Gizmorama - February 26, 2018
Those with prosthetic limbs are getting closer to regaining the ability to touch and feel with the development of sensitive stretchable electronic skin.
Learn about this and more interesting stories from the scientific community in today's issue.
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*-- Upside-down light: Scientists invert optical waves --*
Scientists in Spain have developed a new material, a so-called hyperbolic metasurface, that inverts light waves. The technology could give researchers more precise control of optical waves and could be incorporated into a variety of optical devices.
Normally light waves propagate outward in circular, or convex, wavefronts from its source, like the ripple from a stone tossed into water. The behavior is explained by light's normal medium, homogeneous and isotropic, the same in all directions.
Scientists theorized that light waves propagated along specially engineered surfaces would produce inverted optical waves.
"On such surfaces, called hyberbolic metasurfaces, the waves emitted from a point source propagate only in certain directions, and with open, or concave, wavefronts," Javier Alfaro, a PhD student at the nanoGUNE Cooperative Research Center in Basque, said in a news release.
Because the metasurface constrains the paths of the lightwaves, the wavelengths are much smaller and only propagate in certain directions. Scientists call the unique lightwaves hyperbolic surface polaritons.
As part of their latest research efforts, scientists at nanoGUNE created a new kind of hyperbolic metasurface made from boron nitride. The 2D graphene-like material is designed to convert infrared lightwaves into hyperbolic surface polaritons. The technology could be used in tiny sensors and other nanoscale optoelectronic devices.
To build their new hyperbolic metasurface, scientists used electron beam lithography technology to finely etch nanoscale textures onto ultra thin flakes of boron nitride.
"The same fabrication methods can also be applied to other materials, which could pave the way to realize artificial metasurface structures with custom-made optical properties," said researcher Saül Vélez.
Scientists used a scattering-type scanning near-field microscope to image the waves created when light was propagated across their newly fabricated hyperbolic metasurface.
"It was amazing to see the images," said nanGUNE professor Rainer Hillenbrand. "They indeed showed the concave curvature of the wavefronts that were propagating away form the gold nanorod, exactly as predicted by theory."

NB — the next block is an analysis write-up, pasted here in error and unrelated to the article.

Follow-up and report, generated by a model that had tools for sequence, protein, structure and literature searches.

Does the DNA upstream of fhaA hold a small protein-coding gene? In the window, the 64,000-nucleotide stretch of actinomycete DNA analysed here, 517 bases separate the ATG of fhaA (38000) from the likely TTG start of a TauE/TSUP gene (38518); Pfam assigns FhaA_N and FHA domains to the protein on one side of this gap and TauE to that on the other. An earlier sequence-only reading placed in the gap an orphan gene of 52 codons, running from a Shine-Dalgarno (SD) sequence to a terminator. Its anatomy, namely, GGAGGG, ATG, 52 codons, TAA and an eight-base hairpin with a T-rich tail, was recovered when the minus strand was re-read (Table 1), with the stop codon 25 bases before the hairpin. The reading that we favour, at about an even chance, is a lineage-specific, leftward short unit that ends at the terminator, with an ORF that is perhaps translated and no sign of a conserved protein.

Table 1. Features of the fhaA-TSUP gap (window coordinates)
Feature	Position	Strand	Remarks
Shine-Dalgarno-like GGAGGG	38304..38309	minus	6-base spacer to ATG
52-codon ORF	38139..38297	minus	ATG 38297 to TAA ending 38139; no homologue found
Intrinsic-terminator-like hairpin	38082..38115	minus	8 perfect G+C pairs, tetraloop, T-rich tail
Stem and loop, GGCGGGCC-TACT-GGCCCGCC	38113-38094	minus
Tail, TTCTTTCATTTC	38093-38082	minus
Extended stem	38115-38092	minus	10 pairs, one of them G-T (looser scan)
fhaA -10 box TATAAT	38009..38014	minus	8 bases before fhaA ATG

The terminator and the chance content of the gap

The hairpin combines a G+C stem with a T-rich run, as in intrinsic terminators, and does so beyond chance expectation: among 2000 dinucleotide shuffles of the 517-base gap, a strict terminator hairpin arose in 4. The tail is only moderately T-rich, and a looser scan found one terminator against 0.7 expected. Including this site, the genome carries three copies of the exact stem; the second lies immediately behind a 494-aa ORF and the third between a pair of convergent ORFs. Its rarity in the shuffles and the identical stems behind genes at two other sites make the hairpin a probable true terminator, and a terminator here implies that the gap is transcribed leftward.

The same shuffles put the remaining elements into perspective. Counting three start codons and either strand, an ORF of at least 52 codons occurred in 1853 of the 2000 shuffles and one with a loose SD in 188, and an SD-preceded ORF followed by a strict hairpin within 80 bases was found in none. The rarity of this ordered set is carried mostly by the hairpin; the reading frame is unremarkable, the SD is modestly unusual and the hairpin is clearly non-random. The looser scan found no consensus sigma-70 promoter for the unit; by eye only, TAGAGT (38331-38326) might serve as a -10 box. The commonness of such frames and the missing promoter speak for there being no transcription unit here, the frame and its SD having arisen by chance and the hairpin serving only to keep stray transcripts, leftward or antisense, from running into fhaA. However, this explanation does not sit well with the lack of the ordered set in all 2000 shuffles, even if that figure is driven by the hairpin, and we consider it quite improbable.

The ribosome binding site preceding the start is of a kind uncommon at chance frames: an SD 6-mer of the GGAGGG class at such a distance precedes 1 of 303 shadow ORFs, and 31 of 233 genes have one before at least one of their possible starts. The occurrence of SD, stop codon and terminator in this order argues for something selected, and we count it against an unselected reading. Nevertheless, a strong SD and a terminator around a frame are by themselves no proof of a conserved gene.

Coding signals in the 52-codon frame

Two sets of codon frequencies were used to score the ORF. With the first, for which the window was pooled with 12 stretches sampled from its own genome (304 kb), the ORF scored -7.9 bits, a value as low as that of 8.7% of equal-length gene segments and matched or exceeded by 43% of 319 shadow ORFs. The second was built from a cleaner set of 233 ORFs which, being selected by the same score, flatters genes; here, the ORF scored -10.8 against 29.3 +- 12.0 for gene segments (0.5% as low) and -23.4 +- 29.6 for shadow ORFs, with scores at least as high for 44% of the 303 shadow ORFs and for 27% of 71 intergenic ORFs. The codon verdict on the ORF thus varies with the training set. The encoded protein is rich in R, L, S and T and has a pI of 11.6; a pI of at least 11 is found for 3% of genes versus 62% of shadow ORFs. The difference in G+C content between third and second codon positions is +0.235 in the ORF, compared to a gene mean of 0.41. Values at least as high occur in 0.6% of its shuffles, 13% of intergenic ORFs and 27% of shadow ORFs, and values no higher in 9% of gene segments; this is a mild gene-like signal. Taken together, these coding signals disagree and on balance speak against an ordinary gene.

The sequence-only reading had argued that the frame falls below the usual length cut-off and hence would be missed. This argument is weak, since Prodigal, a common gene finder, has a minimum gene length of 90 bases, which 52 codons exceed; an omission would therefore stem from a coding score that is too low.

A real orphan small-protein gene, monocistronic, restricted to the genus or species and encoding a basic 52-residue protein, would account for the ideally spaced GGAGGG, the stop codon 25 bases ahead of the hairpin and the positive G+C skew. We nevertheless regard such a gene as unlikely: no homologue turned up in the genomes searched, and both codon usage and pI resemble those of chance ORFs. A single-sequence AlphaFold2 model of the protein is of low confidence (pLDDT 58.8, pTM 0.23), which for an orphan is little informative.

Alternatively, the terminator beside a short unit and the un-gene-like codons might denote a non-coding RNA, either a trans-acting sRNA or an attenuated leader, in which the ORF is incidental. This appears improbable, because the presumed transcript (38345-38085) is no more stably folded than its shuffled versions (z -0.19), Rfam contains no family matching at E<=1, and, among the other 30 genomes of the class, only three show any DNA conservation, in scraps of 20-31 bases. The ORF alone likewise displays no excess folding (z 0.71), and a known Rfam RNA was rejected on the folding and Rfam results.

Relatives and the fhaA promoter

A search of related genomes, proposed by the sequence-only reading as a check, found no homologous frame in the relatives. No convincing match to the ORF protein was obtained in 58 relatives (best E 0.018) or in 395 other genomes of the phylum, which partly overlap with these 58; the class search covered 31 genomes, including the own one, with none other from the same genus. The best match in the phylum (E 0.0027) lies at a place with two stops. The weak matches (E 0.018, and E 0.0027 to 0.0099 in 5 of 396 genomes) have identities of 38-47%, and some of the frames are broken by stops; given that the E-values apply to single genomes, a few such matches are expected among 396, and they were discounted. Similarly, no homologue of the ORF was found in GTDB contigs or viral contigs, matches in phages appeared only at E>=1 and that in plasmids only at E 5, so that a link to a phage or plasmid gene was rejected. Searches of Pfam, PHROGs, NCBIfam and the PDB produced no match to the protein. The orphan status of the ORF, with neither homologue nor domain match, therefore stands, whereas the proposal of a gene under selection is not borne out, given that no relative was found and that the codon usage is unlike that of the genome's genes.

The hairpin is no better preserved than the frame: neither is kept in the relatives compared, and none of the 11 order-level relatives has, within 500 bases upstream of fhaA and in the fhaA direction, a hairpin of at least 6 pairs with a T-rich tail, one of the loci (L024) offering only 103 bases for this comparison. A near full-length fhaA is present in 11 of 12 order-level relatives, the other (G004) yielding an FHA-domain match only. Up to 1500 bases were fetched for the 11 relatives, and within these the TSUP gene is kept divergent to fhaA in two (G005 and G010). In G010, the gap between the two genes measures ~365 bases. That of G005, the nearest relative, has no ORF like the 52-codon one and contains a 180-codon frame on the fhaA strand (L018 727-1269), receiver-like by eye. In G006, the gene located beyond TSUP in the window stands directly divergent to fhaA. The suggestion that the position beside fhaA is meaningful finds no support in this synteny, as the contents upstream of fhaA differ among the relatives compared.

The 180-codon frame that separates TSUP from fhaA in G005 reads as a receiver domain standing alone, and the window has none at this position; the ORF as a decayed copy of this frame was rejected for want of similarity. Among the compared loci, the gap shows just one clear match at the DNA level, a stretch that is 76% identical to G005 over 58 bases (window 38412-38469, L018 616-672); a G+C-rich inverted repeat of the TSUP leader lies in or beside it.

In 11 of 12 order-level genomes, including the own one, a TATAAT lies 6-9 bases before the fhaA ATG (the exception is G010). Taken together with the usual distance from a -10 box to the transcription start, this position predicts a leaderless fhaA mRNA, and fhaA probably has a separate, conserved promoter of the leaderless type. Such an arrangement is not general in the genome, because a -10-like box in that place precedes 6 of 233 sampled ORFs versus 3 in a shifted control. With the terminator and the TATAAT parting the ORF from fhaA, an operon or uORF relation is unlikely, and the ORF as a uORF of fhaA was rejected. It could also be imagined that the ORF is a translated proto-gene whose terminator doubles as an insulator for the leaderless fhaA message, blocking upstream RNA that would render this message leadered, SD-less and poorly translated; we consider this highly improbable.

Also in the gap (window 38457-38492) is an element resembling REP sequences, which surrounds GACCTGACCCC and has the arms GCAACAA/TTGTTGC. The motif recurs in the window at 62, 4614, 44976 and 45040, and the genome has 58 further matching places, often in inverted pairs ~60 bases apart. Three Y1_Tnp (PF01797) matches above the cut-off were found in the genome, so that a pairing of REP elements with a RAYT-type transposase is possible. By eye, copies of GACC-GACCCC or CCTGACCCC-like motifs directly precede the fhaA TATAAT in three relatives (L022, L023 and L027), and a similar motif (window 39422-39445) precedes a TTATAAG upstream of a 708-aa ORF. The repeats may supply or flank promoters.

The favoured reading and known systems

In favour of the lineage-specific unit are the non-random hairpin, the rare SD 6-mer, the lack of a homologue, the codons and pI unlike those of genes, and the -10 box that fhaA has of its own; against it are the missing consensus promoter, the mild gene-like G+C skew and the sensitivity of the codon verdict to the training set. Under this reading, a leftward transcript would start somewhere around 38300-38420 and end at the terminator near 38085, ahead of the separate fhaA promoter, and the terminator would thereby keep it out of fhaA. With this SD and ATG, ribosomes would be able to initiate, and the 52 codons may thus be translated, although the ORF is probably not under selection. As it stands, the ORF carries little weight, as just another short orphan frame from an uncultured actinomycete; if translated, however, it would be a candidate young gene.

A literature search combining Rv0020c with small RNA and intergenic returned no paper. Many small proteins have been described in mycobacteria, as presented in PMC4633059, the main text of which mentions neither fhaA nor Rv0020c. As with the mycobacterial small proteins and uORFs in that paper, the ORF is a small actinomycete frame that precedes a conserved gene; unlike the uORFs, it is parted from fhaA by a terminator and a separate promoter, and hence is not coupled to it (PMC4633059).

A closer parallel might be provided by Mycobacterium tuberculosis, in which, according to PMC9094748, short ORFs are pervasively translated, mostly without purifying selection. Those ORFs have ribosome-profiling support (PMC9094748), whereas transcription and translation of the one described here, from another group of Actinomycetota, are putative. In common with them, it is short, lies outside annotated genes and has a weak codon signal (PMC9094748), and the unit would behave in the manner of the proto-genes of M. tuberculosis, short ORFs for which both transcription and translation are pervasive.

Scientists described their efforts in a new paper published this week in the journal Science.
*-- New stretchable electronic skin sensitive enough to feel ladybug footsteps --*
People with prosthetic limbs live without the ability to touch and feel the world around them. That could change in the near future thanks to new technology developed by scientists at Stanford University.
As described in a newly published Nature paper, researchers have developed stretchable electronic skin sensitive enough to feel the footsteps of an artificial ladybug.
The artificial skin's physical attributes are impressive, but the study's biggest breakthrough might be the new techniques used to produce the novel polymer. Scientists developed a more efficient and scalable method for creating electronic skin.
"Research into synthetic skin and flexible electronics has come a long way, but until now no one had demonstrated a process to reliably manufacture stretchable circuits," Stanford chemical engineer Zhenan Bao said in a news release.
The new artificial skin is formed by layers of hi-tech polymers. Some layers enhance the skin's elasticity. Other layers feature the electronic meshing that allows the circuitry to be embedded in the skin. Still more layers help insulate the electronic components and provide waterproofing.
"We've engineered all of these layers and their active elements to work together flawlessly," said post-doctoral researcher Sihong Wang.
The skin can stretch to twice its size without impacting the sensors embedded in the polymer layers.
Scientists hope the new layering approach will pave the way for the production of polymers with all kinds of embedded electronic circuits and sensors. While researchers say they need to improve upon the speed of the current prototype's electronic system, scientists are confident the technology could soon replace more rigid electronic components and circuitry.
And though complete artificial skin may still be a ways off, the technology could soon be used to install elastic touch screens for use in smart clothing, wearable electronics or medical devices.
"I believe we're on the verge of a whole new world of electronics," Bao said.
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